Buyers perceive prices below price thresholds significantly lower than they actually are. Studies find that the use of price thresholds is widespread: 30-65% of prices in the US end in the digit 9.¹
Price thresholds make use of the left-digit effect. As consumers read the left digit of a price first, they tend to round it to the next lowest monetary unit.
Research shows that consumers’ magnitude perceptions are affected by lowering a price by one cent to a “.99” ending, changing the left digit (e.g., $3.00 to $2.99). Conversely, when a price is lowered by one cent but the left digit does not change, consumers’ magnitude perceptions are much less affected (e.g., $3.20 to $3.19).² Quantifying price threshold effects is difficult and context-specific. The range of results is highlighted by two studies. In 1996 researchers conducted an A/B/C test which sent out three different catalogues to 90,000 people and measured the purchase uptake of a certain dress. They found that .99 resulted in 8% higher sales volume compared to prices ending in .88 or .00.³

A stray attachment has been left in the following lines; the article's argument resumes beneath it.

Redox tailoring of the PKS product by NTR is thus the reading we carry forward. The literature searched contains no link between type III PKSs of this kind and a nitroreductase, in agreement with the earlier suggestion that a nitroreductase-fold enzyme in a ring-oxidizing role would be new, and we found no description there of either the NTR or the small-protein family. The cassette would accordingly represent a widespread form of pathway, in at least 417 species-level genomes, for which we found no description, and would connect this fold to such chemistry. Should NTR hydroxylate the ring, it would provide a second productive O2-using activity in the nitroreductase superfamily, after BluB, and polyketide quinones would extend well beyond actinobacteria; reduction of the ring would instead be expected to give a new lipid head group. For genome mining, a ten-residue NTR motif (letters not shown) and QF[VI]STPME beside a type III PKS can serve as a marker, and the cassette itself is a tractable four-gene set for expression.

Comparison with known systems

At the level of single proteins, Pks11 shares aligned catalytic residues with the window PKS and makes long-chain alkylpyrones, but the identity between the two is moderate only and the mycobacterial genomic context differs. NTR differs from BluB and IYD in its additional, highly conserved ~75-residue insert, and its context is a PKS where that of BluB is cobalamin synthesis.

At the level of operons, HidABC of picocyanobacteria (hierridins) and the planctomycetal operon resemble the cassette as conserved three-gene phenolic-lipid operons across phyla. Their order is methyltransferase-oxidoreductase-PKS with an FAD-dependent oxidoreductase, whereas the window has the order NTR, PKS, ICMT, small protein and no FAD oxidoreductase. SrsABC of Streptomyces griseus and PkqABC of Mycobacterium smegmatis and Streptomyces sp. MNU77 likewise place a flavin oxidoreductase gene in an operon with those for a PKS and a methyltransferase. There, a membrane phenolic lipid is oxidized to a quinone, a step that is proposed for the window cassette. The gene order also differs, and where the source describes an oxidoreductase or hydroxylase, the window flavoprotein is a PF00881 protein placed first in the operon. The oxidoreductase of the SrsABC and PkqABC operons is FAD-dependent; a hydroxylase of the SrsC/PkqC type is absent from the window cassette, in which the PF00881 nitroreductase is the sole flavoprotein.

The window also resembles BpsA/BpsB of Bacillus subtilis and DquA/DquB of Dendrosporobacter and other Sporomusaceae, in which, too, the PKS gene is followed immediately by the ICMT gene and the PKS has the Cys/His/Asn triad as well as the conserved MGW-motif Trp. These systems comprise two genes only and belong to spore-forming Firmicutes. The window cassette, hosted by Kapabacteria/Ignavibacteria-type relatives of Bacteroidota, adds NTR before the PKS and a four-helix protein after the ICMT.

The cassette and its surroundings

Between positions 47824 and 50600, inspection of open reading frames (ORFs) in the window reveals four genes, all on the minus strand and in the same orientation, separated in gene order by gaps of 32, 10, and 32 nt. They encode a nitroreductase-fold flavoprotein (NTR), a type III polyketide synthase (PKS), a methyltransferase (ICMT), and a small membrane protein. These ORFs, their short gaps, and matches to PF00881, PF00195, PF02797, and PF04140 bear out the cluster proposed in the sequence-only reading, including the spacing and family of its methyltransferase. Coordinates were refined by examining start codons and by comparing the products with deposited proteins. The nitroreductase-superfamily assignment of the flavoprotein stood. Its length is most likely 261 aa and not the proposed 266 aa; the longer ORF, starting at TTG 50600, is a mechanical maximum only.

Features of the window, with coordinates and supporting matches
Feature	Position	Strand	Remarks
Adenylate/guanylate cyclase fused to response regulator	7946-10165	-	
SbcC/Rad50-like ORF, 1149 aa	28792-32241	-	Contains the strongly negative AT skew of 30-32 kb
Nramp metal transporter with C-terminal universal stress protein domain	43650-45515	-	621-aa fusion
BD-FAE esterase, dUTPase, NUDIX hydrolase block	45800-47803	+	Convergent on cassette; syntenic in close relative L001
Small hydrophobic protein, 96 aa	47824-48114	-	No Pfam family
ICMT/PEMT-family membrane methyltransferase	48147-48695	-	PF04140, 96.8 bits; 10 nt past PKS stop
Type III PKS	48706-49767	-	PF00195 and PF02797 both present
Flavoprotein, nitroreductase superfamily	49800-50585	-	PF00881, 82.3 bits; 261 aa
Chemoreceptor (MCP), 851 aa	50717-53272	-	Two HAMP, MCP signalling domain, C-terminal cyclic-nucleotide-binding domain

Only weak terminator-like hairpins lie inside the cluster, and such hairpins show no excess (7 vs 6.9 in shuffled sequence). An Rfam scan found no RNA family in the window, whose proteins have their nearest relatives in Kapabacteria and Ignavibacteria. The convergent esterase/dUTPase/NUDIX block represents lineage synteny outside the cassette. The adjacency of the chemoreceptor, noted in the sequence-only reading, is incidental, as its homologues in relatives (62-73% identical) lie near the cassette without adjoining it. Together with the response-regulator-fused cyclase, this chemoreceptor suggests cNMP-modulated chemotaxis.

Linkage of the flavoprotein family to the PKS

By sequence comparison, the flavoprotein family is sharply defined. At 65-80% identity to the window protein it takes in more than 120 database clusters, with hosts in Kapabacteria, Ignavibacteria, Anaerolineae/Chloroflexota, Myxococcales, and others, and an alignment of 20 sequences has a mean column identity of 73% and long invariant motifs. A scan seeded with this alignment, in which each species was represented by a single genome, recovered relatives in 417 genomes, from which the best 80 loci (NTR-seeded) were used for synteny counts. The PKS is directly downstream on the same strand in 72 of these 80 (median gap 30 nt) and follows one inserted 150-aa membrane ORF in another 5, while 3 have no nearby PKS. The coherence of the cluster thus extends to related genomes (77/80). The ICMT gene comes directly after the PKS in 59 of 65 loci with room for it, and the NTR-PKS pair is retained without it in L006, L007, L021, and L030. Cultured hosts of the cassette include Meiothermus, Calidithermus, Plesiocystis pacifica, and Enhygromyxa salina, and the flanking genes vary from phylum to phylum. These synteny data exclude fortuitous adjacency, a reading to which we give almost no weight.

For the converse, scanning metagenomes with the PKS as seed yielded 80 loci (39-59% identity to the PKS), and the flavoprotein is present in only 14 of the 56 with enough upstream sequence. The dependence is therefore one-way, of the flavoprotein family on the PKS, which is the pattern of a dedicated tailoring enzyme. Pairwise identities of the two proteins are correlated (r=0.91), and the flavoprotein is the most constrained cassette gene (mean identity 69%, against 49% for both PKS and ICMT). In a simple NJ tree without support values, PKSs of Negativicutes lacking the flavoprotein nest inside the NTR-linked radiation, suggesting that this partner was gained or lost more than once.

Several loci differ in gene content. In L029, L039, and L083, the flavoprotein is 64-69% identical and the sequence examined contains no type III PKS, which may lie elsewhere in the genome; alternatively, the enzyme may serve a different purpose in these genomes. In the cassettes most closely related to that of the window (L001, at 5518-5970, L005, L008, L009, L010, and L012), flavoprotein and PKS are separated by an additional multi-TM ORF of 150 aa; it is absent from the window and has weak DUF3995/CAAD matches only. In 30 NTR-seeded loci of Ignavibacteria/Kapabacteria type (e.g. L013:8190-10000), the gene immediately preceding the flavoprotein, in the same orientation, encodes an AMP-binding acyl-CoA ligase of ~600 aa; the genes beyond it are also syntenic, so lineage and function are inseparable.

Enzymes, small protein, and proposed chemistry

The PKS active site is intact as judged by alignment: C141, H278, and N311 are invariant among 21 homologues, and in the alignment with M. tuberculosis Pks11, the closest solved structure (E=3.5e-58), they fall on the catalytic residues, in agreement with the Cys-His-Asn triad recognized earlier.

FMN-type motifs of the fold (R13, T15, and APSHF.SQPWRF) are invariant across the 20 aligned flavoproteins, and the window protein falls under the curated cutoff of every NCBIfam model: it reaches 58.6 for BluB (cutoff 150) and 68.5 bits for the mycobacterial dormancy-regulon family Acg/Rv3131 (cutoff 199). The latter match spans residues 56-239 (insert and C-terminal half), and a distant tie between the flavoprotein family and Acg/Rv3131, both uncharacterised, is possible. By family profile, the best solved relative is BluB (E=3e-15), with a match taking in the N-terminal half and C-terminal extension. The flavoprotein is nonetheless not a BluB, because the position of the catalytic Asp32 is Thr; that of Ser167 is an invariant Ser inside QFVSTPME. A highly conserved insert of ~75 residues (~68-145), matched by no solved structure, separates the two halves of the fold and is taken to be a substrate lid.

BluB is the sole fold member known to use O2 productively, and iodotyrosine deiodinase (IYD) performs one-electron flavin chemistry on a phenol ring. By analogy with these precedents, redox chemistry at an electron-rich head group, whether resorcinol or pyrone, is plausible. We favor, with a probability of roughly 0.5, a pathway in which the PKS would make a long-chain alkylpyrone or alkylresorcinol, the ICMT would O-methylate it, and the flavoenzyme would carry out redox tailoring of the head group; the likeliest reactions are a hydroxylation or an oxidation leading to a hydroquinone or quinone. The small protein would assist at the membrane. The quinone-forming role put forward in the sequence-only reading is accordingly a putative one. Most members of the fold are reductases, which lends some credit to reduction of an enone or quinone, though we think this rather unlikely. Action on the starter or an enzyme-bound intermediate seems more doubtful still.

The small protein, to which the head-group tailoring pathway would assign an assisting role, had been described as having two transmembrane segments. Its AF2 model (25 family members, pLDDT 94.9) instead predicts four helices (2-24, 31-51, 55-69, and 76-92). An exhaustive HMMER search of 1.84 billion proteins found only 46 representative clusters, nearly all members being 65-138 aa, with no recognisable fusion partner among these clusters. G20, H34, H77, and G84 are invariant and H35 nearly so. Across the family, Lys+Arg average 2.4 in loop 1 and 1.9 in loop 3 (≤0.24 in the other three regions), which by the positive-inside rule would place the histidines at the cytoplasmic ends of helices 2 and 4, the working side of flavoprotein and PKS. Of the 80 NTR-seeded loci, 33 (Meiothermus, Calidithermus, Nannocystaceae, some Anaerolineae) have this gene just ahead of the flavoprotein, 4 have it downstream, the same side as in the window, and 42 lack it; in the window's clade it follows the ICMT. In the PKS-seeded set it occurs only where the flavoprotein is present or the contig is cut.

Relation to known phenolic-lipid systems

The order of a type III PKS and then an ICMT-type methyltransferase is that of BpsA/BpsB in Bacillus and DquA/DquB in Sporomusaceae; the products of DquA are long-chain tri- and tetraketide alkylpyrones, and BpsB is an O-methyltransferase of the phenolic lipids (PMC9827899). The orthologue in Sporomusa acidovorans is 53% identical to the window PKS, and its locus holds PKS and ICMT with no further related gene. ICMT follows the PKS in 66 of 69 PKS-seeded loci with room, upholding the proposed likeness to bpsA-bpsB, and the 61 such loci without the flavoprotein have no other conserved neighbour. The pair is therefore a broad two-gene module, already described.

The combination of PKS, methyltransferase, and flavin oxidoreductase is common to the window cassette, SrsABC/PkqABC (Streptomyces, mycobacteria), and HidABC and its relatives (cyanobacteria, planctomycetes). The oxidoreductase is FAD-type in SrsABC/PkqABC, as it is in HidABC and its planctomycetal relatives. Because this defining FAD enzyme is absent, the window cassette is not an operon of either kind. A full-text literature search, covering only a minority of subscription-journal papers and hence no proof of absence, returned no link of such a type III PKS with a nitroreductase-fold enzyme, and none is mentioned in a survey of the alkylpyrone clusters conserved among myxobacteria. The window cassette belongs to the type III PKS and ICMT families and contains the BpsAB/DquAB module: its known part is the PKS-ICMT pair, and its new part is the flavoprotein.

In a similar experiment on women’s clothing, researchers tested how prices ending in 9 perform against those $5 cheaper or more expensive. Overall, the ending in 9 had 40% higher sales than the other options – even the $5 cheaper ones!⁴
What to watch out for
❌ It cuts both ways: Having established a price threshold makes it difficult to raise prices above the threshold (e.g. 99 cent store).
❌ It does not fit for all companies: Depending on the industry, one must determine whether price thresholds negatively impact the perceived value of the offer. This can be the case for luxury goods.
❌ Buyers might be more suspicious towards thresholds: Price thresholds can be perceived as manipulative, while more random prices like €4.57 look fairer as the vendor simply applied cost-plus pricing.
Sources & further reading
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